A different case, Fulton v. City of Philadelphia, heads to the Supreme Court later this year and could affect the outcome of New Hope’s lawsuit. Several foster parents and Catholic Social Services are challenging the city of Philadelphia’s policy of cutting off referrals to agencies that do not work with same-sex couples who want to foster children.
The plaintiffs hope the high court will reconsider its 1990 decision in Employment Division v. Smith, in which the justices ruled the government can enforce laws that burden religious beliefs or practices as long as the laws are “neutral” or “generally applicable.” In New Hope’s case, the 2nd Circuit did not feel a need to wait for a decision in Fulton because it found possible religious animosity. But when the case starts back up at the U.S. District Court level, the judge could decide to wait for a ruling in Fulton, as the 6th Circuit did in a similar case in May involving Michigan’s St. Vincent Catholic Charities.
“Government officials are not being neutral when they single out religious organizations for hostile treatment based on their beliefs about marriage,” said Alliance Defending Freedom’s John Bursch, who represented New Hope. “That’s a flagrant violation of the U.S. Constitution.” —S.W.
When conservative students at Binghamton University in New York hosted a lecture in November by economist Arthur Laffer on “Trump, Tariffs, and Trade Wars,” about 200 students showed up and shouted down the speaker with a megaphone. Private security had to escort Laffer out of the lecture hall.
The sponsoring organizations, College Republicans and the Young America’s Foundation, filed a lawsuit federal court on Wednesday. They argue university officials and student groups organizing the disruptions engaged in viewpoint discrimination and violated their rights to free speech and equal protection of the law. The groups said university officials and police knew students were planning to disrupt the event but did nothing to stop them.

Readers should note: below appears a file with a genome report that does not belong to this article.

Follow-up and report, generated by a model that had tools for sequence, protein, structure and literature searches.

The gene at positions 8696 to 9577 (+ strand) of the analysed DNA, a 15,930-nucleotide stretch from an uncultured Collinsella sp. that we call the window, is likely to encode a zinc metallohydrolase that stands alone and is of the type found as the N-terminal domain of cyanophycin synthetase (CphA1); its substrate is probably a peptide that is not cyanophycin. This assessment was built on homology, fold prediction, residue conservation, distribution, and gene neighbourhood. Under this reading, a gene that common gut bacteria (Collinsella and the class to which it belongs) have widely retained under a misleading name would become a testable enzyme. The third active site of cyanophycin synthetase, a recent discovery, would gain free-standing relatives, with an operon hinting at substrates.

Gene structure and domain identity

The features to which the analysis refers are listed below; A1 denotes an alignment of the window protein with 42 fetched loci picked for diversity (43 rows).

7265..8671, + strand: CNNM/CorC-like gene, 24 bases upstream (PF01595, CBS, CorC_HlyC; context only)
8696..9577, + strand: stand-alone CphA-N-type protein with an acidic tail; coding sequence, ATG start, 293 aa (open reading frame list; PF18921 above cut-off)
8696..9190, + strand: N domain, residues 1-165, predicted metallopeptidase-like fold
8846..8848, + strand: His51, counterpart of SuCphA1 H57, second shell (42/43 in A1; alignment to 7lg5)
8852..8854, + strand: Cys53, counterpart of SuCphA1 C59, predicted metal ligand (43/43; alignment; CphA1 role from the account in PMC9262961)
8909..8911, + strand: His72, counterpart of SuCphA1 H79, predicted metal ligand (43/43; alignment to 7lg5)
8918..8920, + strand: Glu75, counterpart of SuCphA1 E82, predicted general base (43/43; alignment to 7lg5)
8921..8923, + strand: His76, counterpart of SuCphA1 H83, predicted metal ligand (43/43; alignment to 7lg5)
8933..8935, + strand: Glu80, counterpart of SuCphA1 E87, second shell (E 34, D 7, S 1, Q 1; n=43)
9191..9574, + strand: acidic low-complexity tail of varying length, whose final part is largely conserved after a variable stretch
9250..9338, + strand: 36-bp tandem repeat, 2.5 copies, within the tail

“Universities have an obligation to protect students’ free speech rights, regardless of their viewpoint,” said Andrew C. Hruska of the law firm King & Spalding, co-counsel representing the student organizations. “University officials that let loose a mob to suppress disfavored speech are as guilty as the mob itself of depriving students of their civil rights.” —S.W.
Churches challenging state gathering bans because of the coronavirus pandemic struck out again at the Supreme Court late on Friday. Chief Justice John Roberts voted with the liberal wing of the bench in a 5-4 decision to deny the churches’ request for an emergency stay of Nevada Democratic Gov. Steve Sisolak’s 50-person cap on religious gatherings.
While the majority issued no opinion, three dissenting justices issued sharp critiques of the decision, all pointing to the crux of Calvary Chapel Dayton Valley’s lawsuit—that the state gave casinos more freedom than it gave churches. “The world we inhabit today, with a pandemic upon us, poses unusual challenges,” Justice Neil Gorsuch wrote in his one-paragraph opinion. “But there is no world in which the Constitution permits Nevada to favor Caesars Palace over Calvary Chapel.”
The San Diego–area South Bay United Pentecostal Church lost a similar bid for emergency relief in a 5-4 decision in late May. That case, like the Nevada one, is proceeding in the lower courts, but some churches aren’t waiting. Pastor John MacArthur’s Grace Community Church issued a statement on Friday saying it would not comply with the closure order issued by Democratic Gov. Gavin Newsom. The church met for worship services on Sunday. —S.W.